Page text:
Re: Gingerich-Behe-Hall

From: Gregory Arago <gregoryarago@yahoo.ca>
Date: Fri Feb 10 2006 - 10:40:54 EST

Please allow me to draw attention to a discussion that is happening (or happened) at the blog Telic Thoughts, which involves two YEC-IDists, an agnostic-IDist, myself and a few others, including atheistic anti-IDists. The topic seems relevant to some recent posts here at ASA, and in fact a late poster to the thread referenced an article in ASA’s Perspectives on Science and Christian Faith, which highlighted a Rule #1 of Science.
   
  In that thread, the Feb. 6th and 7th posts of Servetus were delayed/moderated and not posted until Feb. 9th. The issues raised include discussion of Michael Behe’s response to Judge Jones and whether or not ID is theologically irrelevant, in addition to questions of propaganda associated with the term ‘ID-creationism’ which initiated the thread.
   
  As usual, there is a fine line between giving 'creationism' or 'creation' a bad name.
   
  Gregory
   
  
  http://telicthoughts.com/?p=531
   
   
  p.s. Thank you Ted: "[T]he God of our religion is the author of Nature." - Asa Gray
    p.p.s. 'Let the Games begin' - Feb. 10, 2006
  

Ted Davis <tdavis@messiah.edu> wrote:

>>> Gregory Arago 02/10/06 7:11 AM >>>wrote:
5. Ted wrote that Behe and Asa Gray both accept(ed) that: "the biggest danger in evolution is that it can lead people NOT to draw the design inference." This logic seems wanting. It is design-centric, even while it may support the idea that evolution IS a scientifically valid theoretical approach; it identifies a door that can one day be open for 'design' theorists. It sets up a false dichotomy. Darwinian evolution was scientific at the time and many theists believe it is still scientifically valid in its current neo-Darwinian form. Evolution need not draw people away from religion, though it often does when taught by non-religious or irreligious scientists. By placing design and evolution in (biggest danger) opposition one is left with no other choice than conflict between 'those two concepts' to the exclusion of all others. This is as frustrating to me as it is likely George and others who are trying to challenge or expose the extremes on both sides of ID vs. evolution.

Ted replies:
Let me explain; rather, let Asa Gray explain in his own words, from Natural Science and Religion (1880):

The inquiry, what attitude should we, Christian theists, present to this
form of scientific belief, should not be a difficult one to answer. In my
opinion, we should not denounce it as atheistical or as practical atheism or as absurd. Although, from the nature or the case, this conception can never be demonstrated, it can be believed, and is coming to be largely believed; and it falls in very well with doctrine said to have been taught by philosophers and saints, by Leibnitz and Malebranche, Thomas Aquinas, and Augustine. So it may possibly even share in the commendation bestowed by the Pope, in a recent sensible if not infallible allocution, upon the teaching or "the Angelic Doctor," and make a part of that genuine philosophy which the Pope declares to stand in no real opposition to religious truth.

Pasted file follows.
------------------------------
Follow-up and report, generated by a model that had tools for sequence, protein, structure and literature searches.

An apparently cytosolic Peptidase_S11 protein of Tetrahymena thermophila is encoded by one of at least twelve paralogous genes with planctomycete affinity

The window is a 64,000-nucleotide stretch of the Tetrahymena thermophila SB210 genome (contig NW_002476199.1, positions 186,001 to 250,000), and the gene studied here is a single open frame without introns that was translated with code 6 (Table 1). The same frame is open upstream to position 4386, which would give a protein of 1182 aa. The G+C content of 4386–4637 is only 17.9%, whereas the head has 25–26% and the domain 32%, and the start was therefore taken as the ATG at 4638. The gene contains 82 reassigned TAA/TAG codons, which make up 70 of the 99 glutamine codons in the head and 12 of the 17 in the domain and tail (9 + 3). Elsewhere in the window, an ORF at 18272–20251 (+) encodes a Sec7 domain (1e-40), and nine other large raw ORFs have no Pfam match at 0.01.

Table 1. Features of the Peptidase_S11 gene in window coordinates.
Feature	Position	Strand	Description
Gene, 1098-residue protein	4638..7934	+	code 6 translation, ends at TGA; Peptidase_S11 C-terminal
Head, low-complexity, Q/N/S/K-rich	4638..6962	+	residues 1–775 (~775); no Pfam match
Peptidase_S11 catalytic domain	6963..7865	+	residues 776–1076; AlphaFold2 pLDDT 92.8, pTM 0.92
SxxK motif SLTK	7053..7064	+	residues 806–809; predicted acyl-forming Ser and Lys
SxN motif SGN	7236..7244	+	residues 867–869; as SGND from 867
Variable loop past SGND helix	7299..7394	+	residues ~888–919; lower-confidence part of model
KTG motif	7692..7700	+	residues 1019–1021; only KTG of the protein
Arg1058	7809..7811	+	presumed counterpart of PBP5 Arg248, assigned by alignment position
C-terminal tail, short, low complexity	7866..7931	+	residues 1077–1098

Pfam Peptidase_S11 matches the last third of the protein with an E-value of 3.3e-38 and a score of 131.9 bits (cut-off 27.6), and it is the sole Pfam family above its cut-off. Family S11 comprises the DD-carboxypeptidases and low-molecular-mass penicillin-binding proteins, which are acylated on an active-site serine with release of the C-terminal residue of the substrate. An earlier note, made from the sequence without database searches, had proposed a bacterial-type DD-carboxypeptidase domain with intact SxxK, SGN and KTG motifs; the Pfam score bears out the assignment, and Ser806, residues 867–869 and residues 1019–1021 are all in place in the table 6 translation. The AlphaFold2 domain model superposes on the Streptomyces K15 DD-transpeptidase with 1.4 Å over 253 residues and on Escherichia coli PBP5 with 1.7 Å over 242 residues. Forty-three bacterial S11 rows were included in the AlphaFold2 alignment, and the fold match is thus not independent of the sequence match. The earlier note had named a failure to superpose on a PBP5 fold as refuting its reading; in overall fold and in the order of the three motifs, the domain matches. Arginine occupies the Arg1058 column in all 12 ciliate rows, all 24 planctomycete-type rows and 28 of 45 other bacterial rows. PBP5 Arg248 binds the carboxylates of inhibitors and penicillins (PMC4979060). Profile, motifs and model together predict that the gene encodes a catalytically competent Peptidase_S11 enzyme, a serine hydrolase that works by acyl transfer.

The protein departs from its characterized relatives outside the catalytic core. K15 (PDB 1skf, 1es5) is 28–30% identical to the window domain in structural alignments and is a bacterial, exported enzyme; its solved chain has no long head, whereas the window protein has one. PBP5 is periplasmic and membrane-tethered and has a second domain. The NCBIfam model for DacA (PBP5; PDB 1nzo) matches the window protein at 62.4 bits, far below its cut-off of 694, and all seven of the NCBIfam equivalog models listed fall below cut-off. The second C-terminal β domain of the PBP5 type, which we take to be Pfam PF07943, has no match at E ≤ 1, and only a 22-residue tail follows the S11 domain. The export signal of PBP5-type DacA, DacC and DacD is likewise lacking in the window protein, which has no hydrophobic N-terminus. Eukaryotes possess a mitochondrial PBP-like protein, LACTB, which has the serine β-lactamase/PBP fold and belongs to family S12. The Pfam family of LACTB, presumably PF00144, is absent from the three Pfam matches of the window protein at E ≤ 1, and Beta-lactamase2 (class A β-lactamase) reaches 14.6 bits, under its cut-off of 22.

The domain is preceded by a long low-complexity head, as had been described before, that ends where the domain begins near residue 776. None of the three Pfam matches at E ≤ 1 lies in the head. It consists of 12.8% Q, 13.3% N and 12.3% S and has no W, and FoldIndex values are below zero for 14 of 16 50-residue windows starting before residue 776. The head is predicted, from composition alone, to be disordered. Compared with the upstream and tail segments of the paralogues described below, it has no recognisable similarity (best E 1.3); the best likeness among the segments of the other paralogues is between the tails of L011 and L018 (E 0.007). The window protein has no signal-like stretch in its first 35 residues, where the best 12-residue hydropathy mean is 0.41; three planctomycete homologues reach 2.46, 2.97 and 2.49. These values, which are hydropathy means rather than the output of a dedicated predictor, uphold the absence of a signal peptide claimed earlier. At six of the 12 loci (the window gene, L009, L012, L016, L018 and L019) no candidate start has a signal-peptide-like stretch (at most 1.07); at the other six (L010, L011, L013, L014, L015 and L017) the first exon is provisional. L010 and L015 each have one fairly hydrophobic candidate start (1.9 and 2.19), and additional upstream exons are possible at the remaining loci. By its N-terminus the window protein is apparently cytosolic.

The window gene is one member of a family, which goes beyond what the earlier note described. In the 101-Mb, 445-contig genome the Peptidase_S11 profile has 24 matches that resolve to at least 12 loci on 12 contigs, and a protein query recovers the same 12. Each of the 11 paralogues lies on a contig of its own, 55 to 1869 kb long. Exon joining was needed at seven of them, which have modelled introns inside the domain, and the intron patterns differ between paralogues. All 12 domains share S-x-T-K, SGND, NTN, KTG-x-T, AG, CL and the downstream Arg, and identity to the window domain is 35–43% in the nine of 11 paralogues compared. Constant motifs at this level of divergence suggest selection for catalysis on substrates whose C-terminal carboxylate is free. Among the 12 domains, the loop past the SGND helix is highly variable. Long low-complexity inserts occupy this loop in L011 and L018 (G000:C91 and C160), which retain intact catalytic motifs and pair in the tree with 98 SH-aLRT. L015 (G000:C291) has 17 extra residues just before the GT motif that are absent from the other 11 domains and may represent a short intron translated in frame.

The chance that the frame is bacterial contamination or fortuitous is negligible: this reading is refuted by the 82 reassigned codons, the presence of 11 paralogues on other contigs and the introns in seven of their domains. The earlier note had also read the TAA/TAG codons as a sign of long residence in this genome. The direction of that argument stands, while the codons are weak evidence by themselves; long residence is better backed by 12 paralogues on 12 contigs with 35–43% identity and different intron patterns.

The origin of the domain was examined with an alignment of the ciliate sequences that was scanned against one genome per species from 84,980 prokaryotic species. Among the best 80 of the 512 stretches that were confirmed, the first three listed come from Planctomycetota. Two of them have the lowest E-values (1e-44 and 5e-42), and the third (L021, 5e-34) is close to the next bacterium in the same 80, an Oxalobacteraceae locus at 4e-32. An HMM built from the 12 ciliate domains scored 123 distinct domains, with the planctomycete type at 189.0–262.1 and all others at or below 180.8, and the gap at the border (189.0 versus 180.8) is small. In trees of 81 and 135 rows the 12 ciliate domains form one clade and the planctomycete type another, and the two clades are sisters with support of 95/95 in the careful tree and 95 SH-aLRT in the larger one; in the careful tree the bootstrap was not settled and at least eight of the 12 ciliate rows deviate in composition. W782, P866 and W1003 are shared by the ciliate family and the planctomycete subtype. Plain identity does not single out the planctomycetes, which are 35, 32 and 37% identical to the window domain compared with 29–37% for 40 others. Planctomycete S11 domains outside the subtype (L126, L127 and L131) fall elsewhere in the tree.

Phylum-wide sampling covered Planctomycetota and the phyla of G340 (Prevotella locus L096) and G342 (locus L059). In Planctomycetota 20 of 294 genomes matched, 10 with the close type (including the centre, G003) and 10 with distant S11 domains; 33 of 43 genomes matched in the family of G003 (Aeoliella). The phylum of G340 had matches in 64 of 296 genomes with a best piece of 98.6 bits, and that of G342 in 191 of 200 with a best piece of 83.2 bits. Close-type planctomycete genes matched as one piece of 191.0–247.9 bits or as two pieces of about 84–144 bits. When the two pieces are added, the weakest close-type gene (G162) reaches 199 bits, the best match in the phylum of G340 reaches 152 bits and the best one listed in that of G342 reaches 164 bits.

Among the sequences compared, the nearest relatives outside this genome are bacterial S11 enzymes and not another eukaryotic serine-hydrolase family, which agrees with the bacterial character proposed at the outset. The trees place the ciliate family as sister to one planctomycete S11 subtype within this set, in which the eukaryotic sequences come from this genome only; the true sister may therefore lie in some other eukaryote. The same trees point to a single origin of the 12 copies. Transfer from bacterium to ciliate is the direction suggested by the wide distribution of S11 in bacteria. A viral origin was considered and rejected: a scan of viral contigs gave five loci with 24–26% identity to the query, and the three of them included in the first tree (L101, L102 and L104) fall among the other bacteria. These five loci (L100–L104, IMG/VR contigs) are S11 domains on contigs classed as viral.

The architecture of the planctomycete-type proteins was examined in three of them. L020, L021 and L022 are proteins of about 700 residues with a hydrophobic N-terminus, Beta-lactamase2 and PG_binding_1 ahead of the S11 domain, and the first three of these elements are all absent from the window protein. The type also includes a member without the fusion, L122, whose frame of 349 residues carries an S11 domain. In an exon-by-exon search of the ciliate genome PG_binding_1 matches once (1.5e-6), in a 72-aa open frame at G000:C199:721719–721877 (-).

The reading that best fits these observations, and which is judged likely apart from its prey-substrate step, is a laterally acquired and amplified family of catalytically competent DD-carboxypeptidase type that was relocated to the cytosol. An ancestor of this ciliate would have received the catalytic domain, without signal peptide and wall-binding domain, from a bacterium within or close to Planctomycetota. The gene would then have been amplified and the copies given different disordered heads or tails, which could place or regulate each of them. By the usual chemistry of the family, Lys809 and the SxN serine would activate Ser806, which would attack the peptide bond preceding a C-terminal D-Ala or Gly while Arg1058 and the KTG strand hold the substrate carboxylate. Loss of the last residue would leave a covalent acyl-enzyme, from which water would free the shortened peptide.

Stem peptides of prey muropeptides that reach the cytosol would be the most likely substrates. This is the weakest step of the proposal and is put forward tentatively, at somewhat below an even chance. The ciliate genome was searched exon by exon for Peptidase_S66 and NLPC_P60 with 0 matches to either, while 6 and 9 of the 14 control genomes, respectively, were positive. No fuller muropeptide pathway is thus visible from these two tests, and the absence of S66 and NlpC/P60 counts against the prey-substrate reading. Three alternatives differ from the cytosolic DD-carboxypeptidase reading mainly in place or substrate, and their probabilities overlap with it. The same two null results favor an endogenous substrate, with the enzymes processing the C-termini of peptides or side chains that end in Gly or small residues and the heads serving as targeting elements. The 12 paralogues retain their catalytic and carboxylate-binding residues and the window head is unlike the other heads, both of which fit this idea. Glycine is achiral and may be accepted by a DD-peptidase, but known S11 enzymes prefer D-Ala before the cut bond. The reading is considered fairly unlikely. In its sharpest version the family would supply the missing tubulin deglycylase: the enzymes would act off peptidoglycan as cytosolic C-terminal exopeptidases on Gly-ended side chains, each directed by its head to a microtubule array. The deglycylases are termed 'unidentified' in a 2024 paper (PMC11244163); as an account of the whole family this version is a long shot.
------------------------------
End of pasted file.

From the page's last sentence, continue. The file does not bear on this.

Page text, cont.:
Seriously it would be rash and wrong for us to declare that this conception is opposed to theism. Our idea of Nature is that of an ordered and fixed system of forms and means working to ultimate ends. If this is our idea of inorganic nature, shall we abandon or depreciate it when we pass from mere things to organisms, to creatures which are themselves both means and ends? Surely it would be suicidal to do so. We may, and indeed we do, question gravely whether all this work is committed to Nature; but we all agree that much is so done, far more than was formerly thought possible; we cannot pretend to draw the line between what may be and what may not be so, done, or what is and what is not so done; and so it is not for us to object to the further extension of the principle on sufficient evidence.

I trust it is not necessary to press this consideration, though it is
needful to present it, in order to warn Christian theists from the folly of
playing into their adversary's hand, as is too often done.

But I am aware that we have not yet reached the root of the difficulty. We are convinced theists. We bring our theism to the interpretation of Nature, and Nature responds like an echo to our thought. Not always unequivocally: broken, confused, and even contradictory sounds are sometimes given back to us; yet as we listen to and ponder them, they mainly harmonize with our inner idea, and give us reasonable assurance that the God of our religion is the author of Nature. But what of those -- you will say -- who are not already convinced of His existence? We thought that we had an independent demonstration of His existence, and that we could go out into the highways of unbelief and "compel them to come in;" that "the invisible things of Him from the creation of the world were clearly seen, being understood by the things that are made," "so that they are without excuse." We could shut them up to the strict alternative of Divinity or Chance, with the odds incalculably against Chanc
 e. But
 now Darwinism has given them an excuse and placed us on the defensive. Now we have as much as we can do, and some think more, to reshape the argument in such wise as to harmonize our ineradicable belief in design with the fundamental scientific belief of continuity in nature, now extended to organic as well as inorganic forms, to living beings
as well as inanimate things. The field which we took to be thickly sown with
design seems, under the light of Darwinism, to yield only a crop of
accidents. Where we thought to reap the golden grain, we find only tares.

ted

                
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Received on Fri Feb 10 10:41:33 2006

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